The archdiocesan schools’ Child Nutrition Program adopted an initiative for the 2020-2021 year to assure students will be provided breakfast and lunch each school day whether they were learning in school or remotely at home during the Covid-19 pandemic.
“Schools had to adapt to circumstances we never would have anticipated a year ago,” said Steven Pallonetti, the newly named director of government programs and student services in the Superintendent of Schools’ office, who served as director of the Child Nutrition Program until this month.
In addition to serving students in the classroom, the Child Nutrition Program also must meet the needs of students learning remotely as well as others following a hybrid model, Pallonetti said.
Students attending school are offered a hot meal delivered to their classrooms by the cafeteria staff.
Hybrid students are given a cold breakfast and lunch for the next day at home as they leave school. School officials coordinate with parents of full-time remote students to provide breakfasts and lunches. A cold breakfast includes cereal, cheese stick, fresh fruit, fruit juice and milk, and a cold lunch features a sandwich, fresh fruits and vegetables, and milk.
All meals given to students by schools are free this school year through a program offered by the U.S. Department of Agriculture.
“It models after our Catholic identity of feeding kids not only spiritually but physically,” said Michael Coppotelli, senior associate superintendent of schools. “It was a no-brainer for us to do this. Ultimately, when you have kids at the heart of all you do, the decisions come easy.
“The credit belongs to the cafeteria staffs, the supervisors, principals and teachers who really helped us to implement this. Without them, none of this would have happened.”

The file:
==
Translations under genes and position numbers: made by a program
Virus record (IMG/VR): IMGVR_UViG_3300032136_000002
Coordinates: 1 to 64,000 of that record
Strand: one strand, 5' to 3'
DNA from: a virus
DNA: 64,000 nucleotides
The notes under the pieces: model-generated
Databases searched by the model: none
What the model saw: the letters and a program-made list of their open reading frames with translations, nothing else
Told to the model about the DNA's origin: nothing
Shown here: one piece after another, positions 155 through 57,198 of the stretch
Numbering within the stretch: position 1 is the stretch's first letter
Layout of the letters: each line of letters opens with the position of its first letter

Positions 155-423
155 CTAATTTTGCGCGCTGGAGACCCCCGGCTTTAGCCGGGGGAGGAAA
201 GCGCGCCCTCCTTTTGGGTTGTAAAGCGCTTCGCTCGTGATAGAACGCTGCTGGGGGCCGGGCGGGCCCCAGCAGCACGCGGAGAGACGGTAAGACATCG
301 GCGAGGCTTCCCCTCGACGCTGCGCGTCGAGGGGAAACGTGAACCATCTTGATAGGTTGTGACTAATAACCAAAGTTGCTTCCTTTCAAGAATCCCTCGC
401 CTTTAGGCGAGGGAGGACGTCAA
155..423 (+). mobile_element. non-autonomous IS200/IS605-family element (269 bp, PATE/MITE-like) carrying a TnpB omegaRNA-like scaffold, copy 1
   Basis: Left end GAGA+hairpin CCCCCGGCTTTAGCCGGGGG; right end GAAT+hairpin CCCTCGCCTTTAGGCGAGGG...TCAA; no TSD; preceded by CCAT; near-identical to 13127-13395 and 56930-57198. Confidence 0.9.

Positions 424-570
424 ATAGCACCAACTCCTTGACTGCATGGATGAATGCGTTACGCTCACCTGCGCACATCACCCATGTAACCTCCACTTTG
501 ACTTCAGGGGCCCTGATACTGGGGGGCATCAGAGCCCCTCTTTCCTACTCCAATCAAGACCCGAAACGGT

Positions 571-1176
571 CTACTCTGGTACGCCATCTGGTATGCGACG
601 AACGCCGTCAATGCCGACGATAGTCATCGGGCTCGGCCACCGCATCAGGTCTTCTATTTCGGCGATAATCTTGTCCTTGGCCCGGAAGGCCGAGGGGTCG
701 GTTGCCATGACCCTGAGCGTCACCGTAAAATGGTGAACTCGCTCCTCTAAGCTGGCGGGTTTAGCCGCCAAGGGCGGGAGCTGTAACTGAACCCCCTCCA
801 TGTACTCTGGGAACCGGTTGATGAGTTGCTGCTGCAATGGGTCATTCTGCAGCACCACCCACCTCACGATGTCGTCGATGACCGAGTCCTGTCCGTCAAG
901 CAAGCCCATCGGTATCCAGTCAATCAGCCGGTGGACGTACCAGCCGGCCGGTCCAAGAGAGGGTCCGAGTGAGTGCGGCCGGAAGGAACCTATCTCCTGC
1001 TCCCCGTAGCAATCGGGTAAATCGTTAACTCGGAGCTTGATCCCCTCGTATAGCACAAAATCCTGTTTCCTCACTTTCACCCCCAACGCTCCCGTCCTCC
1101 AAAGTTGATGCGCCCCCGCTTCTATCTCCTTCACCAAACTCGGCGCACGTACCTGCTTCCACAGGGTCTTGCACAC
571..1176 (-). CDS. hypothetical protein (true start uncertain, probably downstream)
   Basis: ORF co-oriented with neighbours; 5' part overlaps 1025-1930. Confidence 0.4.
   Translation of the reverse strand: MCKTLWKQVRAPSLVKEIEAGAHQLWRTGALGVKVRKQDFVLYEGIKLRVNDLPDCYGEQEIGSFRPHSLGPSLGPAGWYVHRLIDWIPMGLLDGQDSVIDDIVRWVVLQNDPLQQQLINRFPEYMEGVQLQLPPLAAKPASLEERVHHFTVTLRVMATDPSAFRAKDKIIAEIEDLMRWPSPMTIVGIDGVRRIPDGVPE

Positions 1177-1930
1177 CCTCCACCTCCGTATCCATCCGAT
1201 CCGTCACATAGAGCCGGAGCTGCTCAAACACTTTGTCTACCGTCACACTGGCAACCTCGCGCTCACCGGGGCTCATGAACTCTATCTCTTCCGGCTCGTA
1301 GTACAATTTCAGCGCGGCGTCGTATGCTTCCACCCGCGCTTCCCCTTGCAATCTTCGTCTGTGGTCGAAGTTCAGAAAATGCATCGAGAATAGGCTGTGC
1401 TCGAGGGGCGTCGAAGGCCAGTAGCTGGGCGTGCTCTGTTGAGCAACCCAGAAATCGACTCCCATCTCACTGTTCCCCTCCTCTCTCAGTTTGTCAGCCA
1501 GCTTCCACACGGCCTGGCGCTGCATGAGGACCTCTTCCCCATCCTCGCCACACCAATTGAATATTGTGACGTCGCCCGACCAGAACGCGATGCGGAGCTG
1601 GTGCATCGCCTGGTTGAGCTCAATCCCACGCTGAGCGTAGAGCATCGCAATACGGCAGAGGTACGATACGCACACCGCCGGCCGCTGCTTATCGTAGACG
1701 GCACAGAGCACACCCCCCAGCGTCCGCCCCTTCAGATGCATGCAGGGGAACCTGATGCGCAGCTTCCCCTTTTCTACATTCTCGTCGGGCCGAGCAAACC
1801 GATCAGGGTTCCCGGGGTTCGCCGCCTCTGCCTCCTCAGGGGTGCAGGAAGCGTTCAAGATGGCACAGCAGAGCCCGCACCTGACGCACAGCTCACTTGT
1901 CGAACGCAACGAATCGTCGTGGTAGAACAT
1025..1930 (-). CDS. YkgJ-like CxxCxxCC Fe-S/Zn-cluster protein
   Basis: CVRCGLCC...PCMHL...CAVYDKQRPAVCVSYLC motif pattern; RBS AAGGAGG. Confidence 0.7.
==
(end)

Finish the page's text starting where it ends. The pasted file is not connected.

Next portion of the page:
Coppotelli added a study by the Food Research and Action Center shows students do better in the classroom if they eat breakfast at school. Students also have lower rates of absence, tardiness and fewer disciplinary referrals.
“It reinforced serving kids breakfast and lunch in school ensures for them a well-rounded education,” he said.
Kathy Kelly became the Child Nutrition Program’s director March 1 after serving in the program since 2015 and previously teaching at St. Joseph by-the-Sea High School on Staten Island for 32 years.
“A big part of the mission was to make sure the children ate,” she said. “The fact we can provide them with a hot meal of their favorite things and it’s brought to them by their favorite people from the cafeteria staff. It’s a nice break for them. It’s a nutritious meal. They’re the same meals they were served in the cafeteria.
“It’s vital because for a lot of our students it could be their main two meals of the day.”
The Child Nutrition Program is in 44 schools and 45 sites located in the Bronx, Manhattan, Staten Island and Westchester County. As of Feb. 28, meal counts in the current school year at these sites were 424,461 for breakfast and 486,703 for lunch.
Archdiocesan school officials are waiting to see what the 2021-2022 school year will bring, whether more students will be attending school and not learning remotely, if students will be eating in the cafeteria again and building a camaraderie with students beyond their own classroom, and if meals at schools will continue to be free for all students.
“We’ll take it day by day and re-evaluate when we’re told what the situation will be in September and whether students will be eating in the cafeteria or the classroom,” Ms. Kelly said. “We’ll just go with the flow and make sure the children eat.”